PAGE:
26 Newcomen “Atmospheric Engine”, 1712 The revolutionary solution = break the heat  work barrier (Note that “revolution” followed invention by ~100 years – typical for energy technology)

27 What is a “heat engine”? A device that generates converts thermal energy to mechanical work by exploiting a temperature gradient Makes something more ordered: random motions of molecules  ordered motion of entire body Makes something less ordered: degrades a temperature gradient (transfers heat from hot to cold)

28 The two technological leaps of the Industrial Revolution that bring in the modern energy era 1.“Heat to Work” Chemical energy  mechanical work via mechanical device Use a temperature gradient to drive motion Allows use of stored energy in fossil fuels Late 1700’s: commercial adoption of steam engine 2. Efficient transport of energy: electrification Mechanical work electrical energy mech. work Allows central generation of power Late 1800s: rise of electrical companies

29 Outline of next three lectures History of early steam engines (today) Fundamental physics of heat engines (Tues Apr. 12 th ) understanding heat  work History of Industrial Revolution (Tues. 12 th makeup or..with preview of electric generation Thurs. 14 th ) Organizing framework for energy conversion technology The modern energy system And then it’s on to individual energy technologies… Having finished with global energy flows and started history of human use, we’ll now do a tricky transition…

30 Hero of Alexandria, “Treatise on Pneumatics”, 120 BC “lebes”: demonstration of lifting power of steam “aeliopile” Physics: long understood that steam exerted force Evaporating water produces high pressure (Pressure = force x area)

31 Physics: condensing steam can produce suction force Low pressure in airtight container means air exerts force Same physics that lets you suck liquid through a straw (or use a suction pump)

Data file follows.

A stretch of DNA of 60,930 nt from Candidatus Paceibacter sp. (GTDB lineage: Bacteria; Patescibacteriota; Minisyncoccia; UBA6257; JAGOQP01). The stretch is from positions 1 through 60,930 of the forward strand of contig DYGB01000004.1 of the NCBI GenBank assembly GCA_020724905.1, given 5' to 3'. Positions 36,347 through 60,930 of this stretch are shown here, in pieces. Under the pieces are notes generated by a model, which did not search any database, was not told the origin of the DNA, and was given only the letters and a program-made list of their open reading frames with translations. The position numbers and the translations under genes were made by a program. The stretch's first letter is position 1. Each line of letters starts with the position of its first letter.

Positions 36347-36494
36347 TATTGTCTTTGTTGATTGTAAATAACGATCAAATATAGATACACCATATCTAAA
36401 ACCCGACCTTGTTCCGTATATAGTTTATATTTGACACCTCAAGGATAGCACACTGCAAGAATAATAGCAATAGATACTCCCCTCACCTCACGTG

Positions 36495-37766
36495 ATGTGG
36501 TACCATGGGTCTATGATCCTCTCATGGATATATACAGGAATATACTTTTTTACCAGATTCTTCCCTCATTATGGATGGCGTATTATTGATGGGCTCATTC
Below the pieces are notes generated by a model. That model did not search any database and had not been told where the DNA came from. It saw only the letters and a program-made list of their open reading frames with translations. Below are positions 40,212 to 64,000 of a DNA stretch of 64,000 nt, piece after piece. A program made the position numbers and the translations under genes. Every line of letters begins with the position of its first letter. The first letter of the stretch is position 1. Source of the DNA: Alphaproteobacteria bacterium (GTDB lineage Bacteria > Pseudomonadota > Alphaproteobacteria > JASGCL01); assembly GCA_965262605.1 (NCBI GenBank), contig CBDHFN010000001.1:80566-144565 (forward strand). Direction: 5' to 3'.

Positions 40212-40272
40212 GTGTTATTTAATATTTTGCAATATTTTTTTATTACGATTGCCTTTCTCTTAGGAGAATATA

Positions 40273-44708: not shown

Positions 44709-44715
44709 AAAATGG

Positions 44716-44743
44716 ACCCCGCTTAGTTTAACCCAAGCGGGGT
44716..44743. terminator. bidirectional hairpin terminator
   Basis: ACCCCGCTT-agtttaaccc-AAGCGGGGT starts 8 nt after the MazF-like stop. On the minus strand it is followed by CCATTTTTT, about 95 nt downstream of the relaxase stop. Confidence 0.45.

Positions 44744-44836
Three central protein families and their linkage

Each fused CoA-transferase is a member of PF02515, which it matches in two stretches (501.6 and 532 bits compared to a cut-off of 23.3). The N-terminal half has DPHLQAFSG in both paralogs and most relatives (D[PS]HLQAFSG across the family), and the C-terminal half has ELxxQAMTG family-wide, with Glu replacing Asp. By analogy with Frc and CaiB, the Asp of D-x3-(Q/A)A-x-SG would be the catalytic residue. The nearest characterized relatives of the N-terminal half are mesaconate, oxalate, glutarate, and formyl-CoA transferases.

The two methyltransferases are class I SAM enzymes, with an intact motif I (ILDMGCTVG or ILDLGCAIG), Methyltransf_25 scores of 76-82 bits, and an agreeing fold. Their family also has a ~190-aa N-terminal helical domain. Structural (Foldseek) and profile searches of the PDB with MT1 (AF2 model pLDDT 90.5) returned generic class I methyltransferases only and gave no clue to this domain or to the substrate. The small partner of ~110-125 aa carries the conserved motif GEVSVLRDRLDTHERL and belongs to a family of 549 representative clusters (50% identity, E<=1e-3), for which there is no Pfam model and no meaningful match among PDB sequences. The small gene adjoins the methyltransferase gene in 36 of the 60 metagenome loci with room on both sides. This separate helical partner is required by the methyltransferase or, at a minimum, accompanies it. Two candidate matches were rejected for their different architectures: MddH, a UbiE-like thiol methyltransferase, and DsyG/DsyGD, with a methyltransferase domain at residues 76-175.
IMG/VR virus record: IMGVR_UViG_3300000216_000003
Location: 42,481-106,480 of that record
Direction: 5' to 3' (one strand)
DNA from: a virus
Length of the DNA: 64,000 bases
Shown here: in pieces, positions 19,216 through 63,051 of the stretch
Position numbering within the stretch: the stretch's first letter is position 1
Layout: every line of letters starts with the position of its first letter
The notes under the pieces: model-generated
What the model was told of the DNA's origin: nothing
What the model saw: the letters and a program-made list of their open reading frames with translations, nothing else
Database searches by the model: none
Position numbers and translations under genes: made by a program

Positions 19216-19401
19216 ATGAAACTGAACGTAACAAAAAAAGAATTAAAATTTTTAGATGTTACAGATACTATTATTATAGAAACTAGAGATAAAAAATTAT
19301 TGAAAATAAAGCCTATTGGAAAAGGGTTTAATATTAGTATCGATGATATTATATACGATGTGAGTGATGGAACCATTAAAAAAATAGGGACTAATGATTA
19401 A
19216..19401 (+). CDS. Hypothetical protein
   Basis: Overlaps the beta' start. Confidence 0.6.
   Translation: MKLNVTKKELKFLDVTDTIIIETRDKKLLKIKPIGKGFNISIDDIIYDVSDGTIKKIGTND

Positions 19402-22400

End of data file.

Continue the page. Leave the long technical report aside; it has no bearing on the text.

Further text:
32 First conceptual steam engine Denis Papin, 1690, publishes design Set architecture of reciprocating engines through modern day – piston moves up and down through cylinder Papin nearly invented the internal combustion engine in which the piston is pushed up by high pressure in the cylinder (from expanding air after an explosion of gunpowder). Unfortunately he couldn’t design the valves correctly to vent air after expansion, and gave up. He then designed an engine in which the piston is pulled down instead by low pressure in the cylinder (provided by condensing steam). This is deeply unfortunate for beginning students. Papin’s first design, now in Louvre. No patent, no working model.

33 First conceptual steam engine Denis Papin, 1690, publishes design Papin neither built his engine nor even patented it. He did not have the mechanical skill to actually build his engine successfully. He needed to machine the cylinder and piston air-tight to maintain a pressure gradient, and couldn’t manage that. He forms part of continuing trend in the history of energy technology: the person who invents a technology is not the person who makes it practical (and yet a third person is the one who makes money off it). Also: the French explained without building, the British built without explaining. Papin’s first design, now in Louvre. No patent, no working model.